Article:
What I Did With My Me Time
It was actually six weeks, but same same
Almost two years ago, my husband and I decided to make the jump back to our native east coast after having lived in San Francisco for eight years. I accepted a job offer and, having lived through a cross country move for a job once before when I was younger and stupider, I built in a significant buffer between my acceptance and start date.
And so began my six weeks of me time.
Now, some of this “me” time wasn’t really for me. I packed our house (well, 90% of it) by myself. I found our new apartment. I vetted and hired movers and arranged the route of our cross country drive and booked all the hotels we’d need. My husband was working and I’m the planner of our family unit, though, so I don’t really count this as a job. And besides, a massive clean out of our house was probably something I’d have wanted to do with my “me” time, anyway.
So, beyond move, what else did I do?
Worked out like crazy
Husband and I already went to an evening boot camp in Golden Gate Park every Tuesday and Thursday. I increased my membership and went five days a week.
Became obsessed with an augmented reality game called Ingress
Before Pokémon Go, Niantic made a game called Ingress. I’d already been obsessed with the game, but had a lot of life that got in the way of playing it. Without life to bother me anymore, I walked (often with my minature dachshund) for hours and became the reigning Ingress queen of my neighborhood.
Wrote a (pretty bad) book
My six weeks started just before NaNoWriMo and I promised one of my best friends I’d participate with her. Every morning, I woke up with my husband, drove him to work, parked the car, and went to a coffee shop nearby. I spent at least three hours every day in that coffee shop, clacking away at my vampire novel (it’s been in my head for over a decade and my father was totally right that day on the beach in 2005 when I told him about it and he said I should write it — I have no idea how he knew vampires would become a thing because it was still weird I was obsessed with them back then and, damnit dad, I bet you don’t even remember that but you were right).
My best friend also had time off during my bout of “me” time, so we hiked to the top of a mountain at least four times with our dogs. Since he was also obsessed with Ingress, we submitted the top of the mountain as a portal, got it accepted, and then made sure we always owned it. (If you don’t know what any of that last sentence means, consider yourself lucky).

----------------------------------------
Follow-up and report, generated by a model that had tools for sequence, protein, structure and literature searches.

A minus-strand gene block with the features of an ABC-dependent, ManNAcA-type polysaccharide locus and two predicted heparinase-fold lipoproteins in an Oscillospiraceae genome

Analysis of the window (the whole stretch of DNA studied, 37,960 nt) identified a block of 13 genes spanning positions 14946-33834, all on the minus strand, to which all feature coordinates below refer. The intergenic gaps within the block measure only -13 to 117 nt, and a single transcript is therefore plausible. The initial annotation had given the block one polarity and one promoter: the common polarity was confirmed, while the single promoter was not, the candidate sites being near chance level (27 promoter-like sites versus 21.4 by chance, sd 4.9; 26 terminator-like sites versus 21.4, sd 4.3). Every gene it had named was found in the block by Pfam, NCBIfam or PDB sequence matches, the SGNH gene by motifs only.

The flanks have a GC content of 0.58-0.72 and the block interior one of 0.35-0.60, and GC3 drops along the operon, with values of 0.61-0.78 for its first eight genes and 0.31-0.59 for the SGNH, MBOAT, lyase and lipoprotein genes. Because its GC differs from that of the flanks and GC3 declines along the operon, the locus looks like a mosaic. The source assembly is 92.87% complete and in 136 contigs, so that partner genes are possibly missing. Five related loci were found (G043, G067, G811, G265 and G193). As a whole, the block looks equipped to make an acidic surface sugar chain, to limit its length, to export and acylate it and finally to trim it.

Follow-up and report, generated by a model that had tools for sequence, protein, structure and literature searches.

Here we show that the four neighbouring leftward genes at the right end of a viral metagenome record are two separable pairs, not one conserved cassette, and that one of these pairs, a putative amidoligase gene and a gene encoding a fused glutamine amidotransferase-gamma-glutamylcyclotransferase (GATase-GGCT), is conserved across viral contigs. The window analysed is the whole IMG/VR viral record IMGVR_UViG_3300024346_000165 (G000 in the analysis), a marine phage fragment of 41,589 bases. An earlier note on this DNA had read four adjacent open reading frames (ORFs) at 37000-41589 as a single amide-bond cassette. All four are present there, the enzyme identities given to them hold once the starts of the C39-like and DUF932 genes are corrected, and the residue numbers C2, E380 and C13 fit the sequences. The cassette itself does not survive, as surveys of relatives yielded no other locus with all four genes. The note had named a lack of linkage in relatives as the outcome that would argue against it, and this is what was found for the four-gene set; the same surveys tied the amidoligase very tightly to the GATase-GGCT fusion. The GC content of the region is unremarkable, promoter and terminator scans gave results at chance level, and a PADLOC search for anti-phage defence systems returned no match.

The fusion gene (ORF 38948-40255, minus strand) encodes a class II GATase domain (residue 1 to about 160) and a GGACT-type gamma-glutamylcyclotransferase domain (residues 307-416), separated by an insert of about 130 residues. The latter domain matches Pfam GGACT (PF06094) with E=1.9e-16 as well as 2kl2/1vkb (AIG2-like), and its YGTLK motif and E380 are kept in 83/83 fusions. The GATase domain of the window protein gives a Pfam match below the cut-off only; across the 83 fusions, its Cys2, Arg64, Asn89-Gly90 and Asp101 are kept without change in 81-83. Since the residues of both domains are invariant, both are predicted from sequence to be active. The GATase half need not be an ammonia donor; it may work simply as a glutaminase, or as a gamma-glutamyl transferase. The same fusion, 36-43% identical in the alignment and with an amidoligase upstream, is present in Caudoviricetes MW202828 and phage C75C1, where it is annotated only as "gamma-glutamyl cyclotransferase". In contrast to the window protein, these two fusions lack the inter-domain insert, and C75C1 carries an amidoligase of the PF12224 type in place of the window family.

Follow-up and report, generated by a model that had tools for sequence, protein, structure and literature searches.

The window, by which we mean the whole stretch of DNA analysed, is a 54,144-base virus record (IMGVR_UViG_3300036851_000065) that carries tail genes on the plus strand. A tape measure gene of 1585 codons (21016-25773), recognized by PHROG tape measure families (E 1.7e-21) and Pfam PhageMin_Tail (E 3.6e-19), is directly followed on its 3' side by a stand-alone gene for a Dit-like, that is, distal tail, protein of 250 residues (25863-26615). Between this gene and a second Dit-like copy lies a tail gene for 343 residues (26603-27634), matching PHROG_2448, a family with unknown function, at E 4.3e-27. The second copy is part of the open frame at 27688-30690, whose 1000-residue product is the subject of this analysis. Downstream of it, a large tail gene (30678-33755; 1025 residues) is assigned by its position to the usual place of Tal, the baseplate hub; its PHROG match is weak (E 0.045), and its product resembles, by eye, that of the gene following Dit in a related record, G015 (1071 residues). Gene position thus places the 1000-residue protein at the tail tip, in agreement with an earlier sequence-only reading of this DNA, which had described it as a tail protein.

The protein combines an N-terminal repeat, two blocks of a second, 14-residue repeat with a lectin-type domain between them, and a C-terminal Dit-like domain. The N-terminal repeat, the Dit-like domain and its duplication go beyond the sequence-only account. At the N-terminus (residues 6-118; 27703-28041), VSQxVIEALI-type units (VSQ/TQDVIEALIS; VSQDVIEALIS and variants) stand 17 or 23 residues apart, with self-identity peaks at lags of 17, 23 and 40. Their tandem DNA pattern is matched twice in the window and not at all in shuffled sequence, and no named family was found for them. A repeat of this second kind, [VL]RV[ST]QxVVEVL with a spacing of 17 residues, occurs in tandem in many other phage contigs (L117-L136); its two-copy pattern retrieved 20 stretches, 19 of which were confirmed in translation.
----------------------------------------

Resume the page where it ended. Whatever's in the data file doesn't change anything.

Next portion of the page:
Cooked complicated stuff
I love to cook, and I make our meals more often than we eat out or order in. With more time, however, I was able to experiment more, linger in groceries longer, and think about sous vide, slow cooking, and how amazing my Le Creuset dutch over really was and how I really should use it more.
Here’s the most important part of my me time: I never did nothing.
If I were to do it all over again, I wouldn’t change a single thing.
I woke up at my “regular” work time every day. I kept a routine, albeit a modified one, filled solely with tasks I determined. Yes, I did more fun things, but I stayed active, I kept my life in order, I bettered myself and my relationships.
If someone gave me another six weeks to do whatever I wanted, I would spend it being as active as possible, because exercise and being outdoors makes me feel wonderful, I would write a read like a demon, I would play games that I love, cook fancy food, and I would bee line to my friends and family and spend every single moment I could with them until I, perhaps, drove them crazy.
And now you also know the things I live for.
In my opinion, that’s what our free time should always be about.